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The Rainbow Cadenza
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"A thoughtful, unusually well-written book that raises the most important questions about life and art." -- Michael Medved
"Engrossingly suspenseful ... the updated Brave New World ...wickedly funny and chilling at the same time." -- Publishers Weekly
"Every libertarian should read it. It should win the Prometheus Award." -- Robert A. Heinlein
"Future art forms are seldom handled wih the intelligence and vividness seen here." -- Booklist
"I found it absolutely fascinating ... A splendid book." -- Colin Wilson
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after that is explosive. Read this wonderful tale with spot-on language, lovely images, and important concepts! You'll want your own copy.
The society has sort of worked itself into a corner with sex selection in favor of males. So much of a glut of males that gay relationships are actively encouraged, and it is the very rare heterosexual male who finds a mate - women are that scarce. The government, in its wisdom, has fixed that. All females get to give a year or so as prostitutes - trained by the government, told it is their sort of military obligation. Set up in houses on hour long appointment schedules. Of course, after you finish your obligation, there are many opportunities waiting, but still. . . And avoiding "your duty" is likely to get you executed/
The interesting thing is that the author makes all this logical and real. i don't know anything about Mr. Schulman, and haven't read anything by him since, but he did a great job. You've got to get it used, but they are available and worth reading.
That it takes place about 200 years in the future is almost beside the point, for we need people like Darris now ... and we have them now, in and out of literature. (She compares to Dagny Taggart in Ayn Rand's "Atlas Shrugged.")
Yet Schulman's extrapolation of trends in technology, religion, sociology, and State control ends up being extremely helpful to his characterizations. Darris and her friends and enemies wouldn't be nearly so compelling if they were contrasted to a more or less contemporary background.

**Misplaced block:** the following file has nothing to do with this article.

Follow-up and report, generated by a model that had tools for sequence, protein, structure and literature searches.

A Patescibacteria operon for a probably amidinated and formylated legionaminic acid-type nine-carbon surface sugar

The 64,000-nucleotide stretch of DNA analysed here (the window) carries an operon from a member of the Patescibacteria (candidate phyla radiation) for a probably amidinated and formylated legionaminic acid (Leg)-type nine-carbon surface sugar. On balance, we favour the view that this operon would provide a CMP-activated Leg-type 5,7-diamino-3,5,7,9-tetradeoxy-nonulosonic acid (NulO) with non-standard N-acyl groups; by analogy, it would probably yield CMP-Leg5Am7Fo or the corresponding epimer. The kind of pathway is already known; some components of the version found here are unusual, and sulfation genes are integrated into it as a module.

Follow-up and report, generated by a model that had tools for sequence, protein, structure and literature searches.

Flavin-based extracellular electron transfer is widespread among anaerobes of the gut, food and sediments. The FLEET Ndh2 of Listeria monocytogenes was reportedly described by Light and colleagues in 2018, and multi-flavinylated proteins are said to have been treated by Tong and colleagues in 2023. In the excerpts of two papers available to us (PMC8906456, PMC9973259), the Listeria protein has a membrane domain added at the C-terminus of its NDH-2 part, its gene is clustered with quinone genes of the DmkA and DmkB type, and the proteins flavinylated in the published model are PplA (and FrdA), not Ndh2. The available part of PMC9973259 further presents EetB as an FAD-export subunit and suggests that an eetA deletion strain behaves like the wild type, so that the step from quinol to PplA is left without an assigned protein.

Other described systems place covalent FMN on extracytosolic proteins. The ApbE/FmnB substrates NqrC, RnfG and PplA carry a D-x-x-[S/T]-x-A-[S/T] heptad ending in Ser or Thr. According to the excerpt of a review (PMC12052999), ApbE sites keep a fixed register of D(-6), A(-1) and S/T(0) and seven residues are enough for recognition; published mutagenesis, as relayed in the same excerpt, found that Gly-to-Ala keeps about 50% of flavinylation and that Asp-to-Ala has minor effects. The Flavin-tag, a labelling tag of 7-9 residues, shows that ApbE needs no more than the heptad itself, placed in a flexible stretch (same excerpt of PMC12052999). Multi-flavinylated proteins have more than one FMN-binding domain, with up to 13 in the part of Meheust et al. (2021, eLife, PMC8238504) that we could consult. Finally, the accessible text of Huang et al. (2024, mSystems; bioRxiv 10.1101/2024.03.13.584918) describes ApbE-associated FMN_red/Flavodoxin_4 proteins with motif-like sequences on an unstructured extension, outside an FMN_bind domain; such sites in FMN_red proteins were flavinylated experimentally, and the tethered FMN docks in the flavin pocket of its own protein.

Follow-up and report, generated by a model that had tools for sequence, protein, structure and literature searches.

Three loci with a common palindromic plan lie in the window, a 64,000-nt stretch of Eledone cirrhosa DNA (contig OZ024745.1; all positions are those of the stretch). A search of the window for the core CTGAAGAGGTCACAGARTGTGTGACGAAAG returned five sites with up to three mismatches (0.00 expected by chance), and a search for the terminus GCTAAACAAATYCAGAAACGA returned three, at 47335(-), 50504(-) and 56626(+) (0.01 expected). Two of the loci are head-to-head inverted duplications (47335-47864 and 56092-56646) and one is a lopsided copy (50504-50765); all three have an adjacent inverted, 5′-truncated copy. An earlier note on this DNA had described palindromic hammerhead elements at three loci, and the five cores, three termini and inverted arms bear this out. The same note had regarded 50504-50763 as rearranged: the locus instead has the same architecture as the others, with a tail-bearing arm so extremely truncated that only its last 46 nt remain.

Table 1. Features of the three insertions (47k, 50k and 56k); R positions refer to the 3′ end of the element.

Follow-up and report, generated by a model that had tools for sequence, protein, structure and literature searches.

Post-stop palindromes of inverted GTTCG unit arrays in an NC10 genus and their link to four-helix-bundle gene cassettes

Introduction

No, this is not "libertarian propaganda," as other reviewers have insisted. Politics, both tolerable and twisted (and wickedly and constantly satirized), is only a small portion of the story. Most of it involves the heroic Darris challenging, dealing with, and ultimately defeating the base impulses of the leaders of her society, and with most of that being in artistic, not political, terms.
It is, however, anti-authoritarian to its core, and makes a host of issues that impinge on politics - from conscription to the judiciary to sound money to sexual freedom - affect its story line and the efforts of the characters to build a working life for themselves.
Schulman adds potent and provocative afterwords about some of the topics of the novel, but they're just that, and are not relied upon by the novel itself. Certainly not in any sense comparable to Orwell's afterword about Newspeak in "Nineteen Eighty-four."
You will have a compelling and unforgettable experience in letting this world wrap around you. One of advanced technology, transformed religious norms, sexuality that transcends societal distortions, and the indomitable spirit of Joan Darris.
I have an important caveat about the "Pulpless" edition, however. (In both printed and eBook form.) It was converted by OCR from a previous edition - and it has prominent typos on every page, especially if the original hardcover and paperback versions are taken as the standard. A few of them greatly alter the meaning of key passages.
I approached the author about this having happened, and he was more or less indifferent to it - quite surprising, given that he published the "Pulpless" version himself.
I'd strongly urge you to buy the 1986 Avon paperback, still available through Amazon Marketplace (The Rainbow Cadenza: A Novel in Vistata Form). It actually had a proofreader, and it uses a stylized and dramatic painting as its far better cover art.
Or that you buy this edition, but send the author (you'll find links to him in the book) a note asking that he have the text repaired. You would be missing a superb reading experience if you forego it, even in this flawed form.